I grab the carton of milk and take a gulp before she notices, then wipe away my milk moustache with my sleeve. Today I feel dramatic, so I puff up my chest and place my hands on my hips like a superhero before booming, “Annie is the only friend I need!”
If I owned a cape I would make sure it flapped in the breeze behind me the whole time, but capes weren’t on the shopping list for school clothes this year. Mom looks disappointed. I’m disappointed, too. Capes are cool. Not as cool as samurai swords or skateboarding dogs, but still pretty awesome.
“Daniel. Annie is a nice girl, but it’s not healthy to have only one friend.”
Parents always said stuff wasn’t healthy for you. Candy bars weren’t healthy. Staying up all night watching t.v. wasn’t healthy. Now being friends with Annie wasn’t healthy? Unless Mom meant the time Annie sneezed right in my face and I ended up sick in bed for two days, I didn’t understand how having a friend could be bad.
“Really, Daniel. What if Annie moved away? Then you wouldn’t have any friends.”
“She’s not going anywhere. She told me so.”
Her face grows serious. “Promise me you’ll try to at least talk to the other kids.”
“Yeah, yeah,” I roll my eyes, but make sure I turn my back to her first. Mom hates it when I roll my eyes. Only she can roll her eyes and get away with it. “What’s for dinner?”
“Meatloaf, your favorite!”
Gross! I stick out my tongue and make a gagging noise.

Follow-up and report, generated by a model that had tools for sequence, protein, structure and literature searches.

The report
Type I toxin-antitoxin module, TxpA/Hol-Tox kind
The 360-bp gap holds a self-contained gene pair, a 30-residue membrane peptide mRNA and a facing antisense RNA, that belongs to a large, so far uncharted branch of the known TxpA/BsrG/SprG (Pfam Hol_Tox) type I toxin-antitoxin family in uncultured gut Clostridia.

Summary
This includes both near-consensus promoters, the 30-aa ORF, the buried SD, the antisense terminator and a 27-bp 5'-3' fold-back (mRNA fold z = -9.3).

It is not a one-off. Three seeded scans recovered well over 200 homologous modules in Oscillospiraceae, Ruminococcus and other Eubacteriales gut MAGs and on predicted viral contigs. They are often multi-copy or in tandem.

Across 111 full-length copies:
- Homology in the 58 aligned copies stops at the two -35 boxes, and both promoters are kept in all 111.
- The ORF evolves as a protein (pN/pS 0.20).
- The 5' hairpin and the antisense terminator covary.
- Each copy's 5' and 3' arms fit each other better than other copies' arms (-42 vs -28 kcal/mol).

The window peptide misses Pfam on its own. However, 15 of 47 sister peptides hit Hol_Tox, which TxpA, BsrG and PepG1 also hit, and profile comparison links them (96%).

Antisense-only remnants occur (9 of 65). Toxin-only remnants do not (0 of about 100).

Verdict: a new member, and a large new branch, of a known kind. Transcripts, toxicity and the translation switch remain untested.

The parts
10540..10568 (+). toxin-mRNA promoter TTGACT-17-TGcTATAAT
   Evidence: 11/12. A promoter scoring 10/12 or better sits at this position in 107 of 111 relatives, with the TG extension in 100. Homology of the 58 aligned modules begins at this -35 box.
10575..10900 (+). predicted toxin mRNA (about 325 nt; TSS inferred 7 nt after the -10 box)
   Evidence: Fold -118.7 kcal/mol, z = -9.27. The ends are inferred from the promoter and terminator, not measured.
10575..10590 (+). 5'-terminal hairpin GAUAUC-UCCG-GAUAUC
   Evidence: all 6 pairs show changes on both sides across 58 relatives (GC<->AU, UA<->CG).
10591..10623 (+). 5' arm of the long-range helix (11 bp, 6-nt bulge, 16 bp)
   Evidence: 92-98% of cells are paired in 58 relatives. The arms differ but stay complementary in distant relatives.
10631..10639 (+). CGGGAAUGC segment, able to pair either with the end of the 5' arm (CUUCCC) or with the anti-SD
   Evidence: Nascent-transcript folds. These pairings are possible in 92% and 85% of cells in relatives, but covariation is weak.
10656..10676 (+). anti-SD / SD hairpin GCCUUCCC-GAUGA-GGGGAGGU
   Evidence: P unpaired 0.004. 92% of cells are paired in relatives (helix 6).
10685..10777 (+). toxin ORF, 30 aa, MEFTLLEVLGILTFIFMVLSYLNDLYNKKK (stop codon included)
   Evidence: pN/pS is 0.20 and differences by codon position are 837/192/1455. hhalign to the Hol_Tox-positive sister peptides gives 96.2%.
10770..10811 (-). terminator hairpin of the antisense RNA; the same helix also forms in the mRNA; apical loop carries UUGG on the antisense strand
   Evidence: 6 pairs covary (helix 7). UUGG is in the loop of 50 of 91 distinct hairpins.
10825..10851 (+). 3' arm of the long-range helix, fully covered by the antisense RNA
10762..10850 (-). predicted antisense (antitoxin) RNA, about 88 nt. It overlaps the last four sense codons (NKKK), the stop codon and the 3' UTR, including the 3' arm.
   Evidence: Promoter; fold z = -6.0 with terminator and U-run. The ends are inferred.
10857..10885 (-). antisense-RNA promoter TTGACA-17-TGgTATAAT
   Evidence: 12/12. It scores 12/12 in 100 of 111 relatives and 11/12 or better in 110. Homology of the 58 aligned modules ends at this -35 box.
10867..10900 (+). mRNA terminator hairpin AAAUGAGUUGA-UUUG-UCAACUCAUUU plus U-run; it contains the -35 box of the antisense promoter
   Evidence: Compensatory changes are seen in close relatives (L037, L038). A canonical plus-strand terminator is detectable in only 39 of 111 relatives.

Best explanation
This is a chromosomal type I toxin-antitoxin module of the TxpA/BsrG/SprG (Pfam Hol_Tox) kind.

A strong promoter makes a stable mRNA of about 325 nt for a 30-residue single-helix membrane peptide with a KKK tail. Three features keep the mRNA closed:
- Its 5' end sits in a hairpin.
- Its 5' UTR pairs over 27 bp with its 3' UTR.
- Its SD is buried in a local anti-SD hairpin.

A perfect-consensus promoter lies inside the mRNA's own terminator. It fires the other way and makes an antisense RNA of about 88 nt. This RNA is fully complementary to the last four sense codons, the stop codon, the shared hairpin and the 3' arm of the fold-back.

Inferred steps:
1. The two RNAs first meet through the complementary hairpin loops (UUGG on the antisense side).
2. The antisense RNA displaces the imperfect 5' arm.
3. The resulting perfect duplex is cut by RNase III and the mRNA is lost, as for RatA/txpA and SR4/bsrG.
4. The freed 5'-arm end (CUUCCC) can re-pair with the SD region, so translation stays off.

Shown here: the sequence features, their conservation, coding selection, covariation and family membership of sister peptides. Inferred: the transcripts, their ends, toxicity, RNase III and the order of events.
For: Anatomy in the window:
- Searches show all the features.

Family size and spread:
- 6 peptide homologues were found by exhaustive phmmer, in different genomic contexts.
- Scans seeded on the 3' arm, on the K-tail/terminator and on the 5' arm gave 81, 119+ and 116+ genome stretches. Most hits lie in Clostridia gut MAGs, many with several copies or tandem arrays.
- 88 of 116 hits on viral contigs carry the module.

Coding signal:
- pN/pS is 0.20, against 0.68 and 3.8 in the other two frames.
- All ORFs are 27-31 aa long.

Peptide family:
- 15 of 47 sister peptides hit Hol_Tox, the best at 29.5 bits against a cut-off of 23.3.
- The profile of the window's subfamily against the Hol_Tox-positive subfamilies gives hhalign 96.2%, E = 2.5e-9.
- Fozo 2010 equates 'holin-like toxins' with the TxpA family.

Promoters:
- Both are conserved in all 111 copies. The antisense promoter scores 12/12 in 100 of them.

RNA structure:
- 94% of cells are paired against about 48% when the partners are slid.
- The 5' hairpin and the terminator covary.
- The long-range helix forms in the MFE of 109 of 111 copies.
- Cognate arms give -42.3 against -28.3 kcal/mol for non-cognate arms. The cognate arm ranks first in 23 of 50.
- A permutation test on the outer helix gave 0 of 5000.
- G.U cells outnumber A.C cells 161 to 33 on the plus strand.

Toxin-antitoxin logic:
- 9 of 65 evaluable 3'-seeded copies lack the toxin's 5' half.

“I was going to warn you that Tommy’s in the living room waiting for your sister, but since you’re being a smarty-pants, maybe I won’t...”
My sister Lila’s latest boyfriend was the worst one yet. He plays in a band and has just enough hair on his chin to make it look like he’s super-glued a caterpillar there. Tommy also likes to call me “buddy” and punch me in the arm. I figure he can't remember my name. When we first met, Tommy called me Fritz for an entire day before Lila finally put a stop to it
I tiptoe down the hall past the living room door, but knock into the coat rack with my backpack. Like a hungry lion, Tommy pounces, jumping over the back of the couch and directly in front of me. Great.
“Bud-dy!” He punches me in the arm, as always.
“Ow!” I whine. Before he can hit me again, I slip off my backpack and hide my arms behind it like a knight with a shield.
“What’s up, big guy?”
I try to answer him, but it’s kind of hard since he’s put me in a headlock, his skinny forearm pressing into my windpipe. Up close, Tommy smells like microwave burritos and cat litter. He rubs his knuckles on the top of my head and I yelp. When the torture portion of our meeting ends, he lets me go and acts like nothing ever happened.
“Lila says you’re a draw-er.”
I’m pretty sure he means artist, but my head and arm still hurt so I keep my mouth shut.
“Uh, I guess so,” I shrug.
Tommy smiles, making the caterpillar wiggle. “Well, keep practicing, buddy. Maybe if you get good enough you can draw a cover for Revenge of the Lunch Lady.”
I back around him so I can keep an eye on his hands. “Yeah, okay. Thanks.”
Like that’ll happen. Revenge of the Lunch Lady was the name of Tommy’s band, and their biggest show so far had been at the bowling alley. No one had been able to hear them over the thumps of bowling balls and crash of falling pins.
The rest of the way to my room, I think about Mom’s words, What if Annie moved away?
It’s impossible to imagine life without my best friend. While all the other girls at school dress in pink and smell like flowers, Annie always smells like peanut butter and wears her brother’s old jeans. Back in kindergarten she ate an earthworm and that’s when I knew she was the one.
The other kids tease us and say we’re going to get married when we grow up. They make kissy noises when we walk past together, but that’s gross. I don’t want to kiss Annie. Annie eats earthworms, after all.
Mom’s being silly. Annie’s not leaving.